Hemophagocytic Lymphohistiocytosis Due to Acute Myeloid Leukemia Relapse: A Very Unusual AssociationMaya Belhadj1,2, Barbara Burroni1,3, Felipe Suarez1,4, Frederic Pene1,5, Nicolas Chapuis1,6, Sylvain Pilorge1,2, Lise Willems1,2, Patricia Franchi1,2, Bénédicte Deau1,2, Didier Bouscary1,2, Jerome Tamburini1,2* and Marielle Le Goff1,2
- *Corresponding Author:
- Jerome Tamburini
Université Paris Descartes
Faculté de Médecine Sorbonne Paris Cité, 75005 Paris, France
E-mail: [email protected]
Received date: November 25, 2015 Accepted date: December 15 2015 Published date: December 18, 2015
Citation: Maya Belhadj, Barbara Burroni, Felipe Suarez, Frederic Pene, Nicolas Chapuis, et al. (2015) Hemophagocytic Lymphohistiocytosis Due to Acute Myeloid Leukemia Relapse: A Very Unusual Association. J Leuk 3:198. doi:10.4172/2329-6917.1000198
Copyright: © 2015 Maya B, et al. This is an open-access article distributed under the terms of the Creative Commons Attribution License, which permits unrestricted use, distribution, and reproduction in any medium, provided the original author and source are credited.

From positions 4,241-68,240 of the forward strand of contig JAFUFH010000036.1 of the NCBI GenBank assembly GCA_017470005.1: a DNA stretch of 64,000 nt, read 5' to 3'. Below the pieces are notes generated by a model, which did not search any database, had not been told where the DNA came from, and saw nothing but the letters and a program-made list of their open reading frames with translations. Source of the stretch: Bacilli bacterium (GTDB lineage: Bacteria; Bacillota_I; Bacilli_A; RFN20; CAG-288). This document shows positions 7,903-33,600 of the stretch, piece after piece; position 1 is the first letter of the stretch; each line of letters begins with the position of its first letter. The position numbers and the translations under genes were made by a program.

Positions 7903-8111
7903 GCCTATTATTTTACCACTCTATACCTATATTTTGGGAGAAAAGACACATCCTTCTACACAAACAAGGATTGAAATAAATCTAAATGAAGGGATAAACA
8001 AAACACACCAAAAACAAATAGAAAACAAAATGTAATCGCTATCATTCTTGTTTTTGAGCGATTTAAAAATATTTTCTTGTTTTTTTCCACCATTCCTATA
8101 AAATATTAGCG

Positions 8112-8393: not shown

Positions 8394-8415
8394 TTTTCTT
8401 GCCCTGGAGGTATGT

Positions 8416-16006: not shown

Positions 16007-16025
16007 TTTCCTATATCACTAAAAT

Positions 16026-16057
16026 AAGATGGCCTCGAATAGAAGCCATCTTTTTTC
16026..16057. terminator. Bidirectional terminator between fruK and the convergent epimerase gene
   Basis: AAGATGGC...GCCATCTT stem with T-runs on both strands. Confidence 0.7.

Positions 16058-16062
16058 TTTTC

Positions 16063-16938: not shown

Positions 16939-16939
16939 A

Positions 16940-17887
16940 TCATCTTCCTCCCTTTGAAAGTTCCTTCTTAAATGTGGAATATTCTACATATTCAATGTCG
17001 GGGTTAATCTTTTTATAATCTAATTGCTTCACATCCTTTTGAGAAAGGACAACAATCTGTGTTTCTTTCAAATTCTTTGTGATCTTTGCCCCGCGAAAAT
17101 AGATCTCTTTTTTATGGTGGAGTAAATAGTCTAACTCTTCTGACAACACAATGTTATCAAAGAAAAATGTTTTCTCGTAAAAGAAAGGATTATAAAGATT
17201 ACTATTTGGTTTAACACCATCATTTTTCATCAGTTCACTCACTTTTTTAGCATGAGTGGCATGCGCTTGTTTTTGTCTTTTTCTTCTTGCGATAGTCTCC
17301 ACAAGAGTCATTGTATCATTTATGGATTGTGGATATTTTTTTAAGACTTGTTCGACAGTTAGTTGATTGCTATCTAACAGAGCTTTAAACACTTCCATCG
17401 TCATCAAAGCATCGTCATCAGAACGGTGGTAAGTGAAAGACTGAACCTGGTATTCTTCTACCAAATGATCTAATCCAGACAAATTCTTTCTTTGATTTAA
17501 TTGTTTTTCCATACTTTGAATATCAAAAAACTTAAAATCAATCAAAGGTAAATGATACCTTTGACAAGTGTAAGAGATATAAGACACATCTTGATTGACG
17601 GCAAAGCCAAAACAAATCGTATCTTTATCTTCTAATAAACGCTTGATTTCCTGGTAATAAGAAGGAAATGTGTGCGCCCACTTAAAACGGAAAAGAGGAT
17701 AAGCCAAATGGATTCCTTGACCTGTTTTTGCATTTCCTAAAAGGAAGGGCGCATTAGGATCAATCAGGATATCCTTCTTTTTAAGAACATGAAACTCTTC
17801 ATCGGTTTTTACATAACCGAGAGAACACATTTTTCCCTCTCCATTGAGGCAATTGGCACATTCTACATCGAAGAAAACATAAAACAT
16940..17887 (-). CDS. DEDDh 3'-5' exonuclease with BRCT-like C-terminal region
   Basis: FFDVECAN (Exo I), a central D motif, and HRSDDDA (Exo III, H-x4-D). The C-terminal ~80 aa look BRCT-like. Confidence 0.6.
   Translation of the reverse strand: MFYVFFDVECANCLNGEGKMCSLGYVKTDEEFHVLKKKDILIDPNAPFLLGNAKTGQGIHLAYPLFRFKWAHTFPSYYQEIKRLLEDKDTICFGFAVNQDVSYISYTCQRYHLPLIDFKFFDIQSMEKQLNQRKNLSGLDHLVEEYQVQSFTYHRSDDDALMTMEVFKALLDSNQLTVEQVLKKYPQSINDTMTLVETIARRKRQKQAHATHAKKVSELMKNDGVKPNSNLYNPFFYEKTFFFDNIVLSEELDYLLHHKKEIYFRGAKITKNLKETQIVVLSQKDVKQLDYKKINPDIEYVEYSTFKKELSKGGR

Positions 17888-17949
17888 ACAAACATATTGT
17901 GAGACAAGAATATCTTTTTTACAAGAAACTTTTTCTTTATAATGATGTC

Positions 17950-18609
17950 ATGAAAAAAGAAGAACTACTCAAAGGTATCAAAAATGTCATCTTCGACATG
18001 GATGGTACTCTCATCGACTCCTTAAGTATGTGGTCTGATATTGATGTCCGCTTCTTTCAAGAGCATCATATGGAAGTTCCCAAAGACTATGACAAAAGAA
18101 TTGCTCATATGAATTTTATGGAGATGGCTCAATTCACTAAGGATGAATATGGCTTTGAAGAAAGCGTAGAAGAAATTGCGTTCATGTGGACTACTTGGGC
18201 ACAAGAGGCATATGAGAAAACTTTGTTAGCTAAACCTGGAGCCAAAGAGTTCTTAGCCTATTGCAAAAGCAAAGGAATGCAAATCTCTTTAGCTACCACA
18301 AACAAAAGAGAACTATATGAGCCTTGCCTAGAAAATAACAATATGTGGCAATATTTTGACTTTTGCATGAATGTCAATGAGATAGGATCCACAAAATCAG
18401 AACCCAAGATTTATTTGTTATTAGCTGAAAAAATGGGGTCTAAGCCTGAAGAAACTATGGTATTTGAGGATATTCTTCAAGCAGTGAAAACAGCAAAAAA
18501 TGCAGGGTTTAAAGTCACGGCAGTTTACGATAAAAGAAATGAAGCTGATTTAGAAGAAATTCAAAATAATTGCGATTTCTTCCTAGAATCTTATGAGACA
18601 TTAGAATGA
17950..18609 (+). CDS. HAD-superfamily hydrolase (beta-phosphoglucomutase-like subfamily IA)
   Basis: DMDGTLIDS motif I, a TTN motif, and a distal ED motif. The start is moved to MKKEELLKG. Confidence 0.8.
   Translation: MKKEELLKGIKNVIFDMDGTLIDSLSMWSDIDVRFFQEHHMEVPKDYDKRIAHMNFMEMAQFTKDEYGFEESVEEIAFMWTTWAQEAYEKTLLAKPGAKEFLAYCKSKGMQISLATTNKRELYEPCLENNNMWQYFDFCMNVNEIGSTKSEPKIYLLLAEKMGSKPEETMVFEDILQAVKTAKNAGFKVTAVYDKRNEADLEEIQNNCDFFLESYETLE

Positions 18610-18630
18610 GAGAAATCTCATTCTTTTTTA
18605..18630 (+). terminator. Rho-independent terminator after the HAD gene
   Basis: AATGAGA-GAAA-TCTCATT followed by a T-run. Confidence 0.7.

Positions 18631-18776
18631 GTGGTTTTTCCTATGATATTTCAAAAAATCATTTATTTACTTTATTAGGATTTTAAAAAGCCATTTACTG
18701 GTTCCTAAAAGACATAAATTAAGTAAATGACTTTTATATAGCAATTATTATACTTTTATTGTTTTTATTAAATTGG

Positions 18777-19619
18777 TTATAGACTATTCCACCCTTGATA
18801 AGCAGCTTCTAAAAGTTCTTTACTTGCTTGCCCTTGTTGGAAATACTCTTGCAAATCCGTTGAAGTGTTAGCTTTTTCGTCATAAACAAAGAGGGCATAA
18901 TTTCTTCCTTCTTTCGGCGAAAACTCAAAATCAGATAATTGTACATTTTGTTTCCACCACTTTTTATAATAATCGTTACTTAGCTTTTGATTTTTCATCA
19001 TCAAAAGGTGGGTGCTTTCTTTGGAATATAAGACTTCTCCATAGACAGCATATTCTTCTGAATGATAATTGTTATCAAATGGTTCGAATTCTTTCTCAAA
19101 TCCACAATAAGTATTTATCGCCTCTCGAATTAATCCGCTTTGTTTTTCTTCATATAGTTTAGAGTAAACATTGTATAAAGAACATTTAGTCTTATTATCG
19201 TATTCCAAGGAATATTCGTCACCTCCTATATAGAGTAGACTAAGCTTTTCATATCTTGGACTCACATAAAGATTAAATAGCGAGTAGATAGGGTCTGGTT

Hemophagocytic lymphohistiocytosis (HLH) diagnosed in the course of acute myeloid leukemia (AML) is generally triggered by treatment-induced infections. AML-induced HLH is a very rare situation for which no diagnostic or therapeutic guidelines are available. We report the occurrence of HLH in an AML5 post-transplant relapse. In our case, the absence of detectable pathogen and the parallel evolution between HLH and leukemia burden suggested a direct link between AML and HLH. We suggest that the diagnostic of AML-related HLH should be promptly considered in front of unexplained fever, cytopenia, liver dysfunction or neurological symptoms as therapeutic intervention is urgent in this life-threatening situation.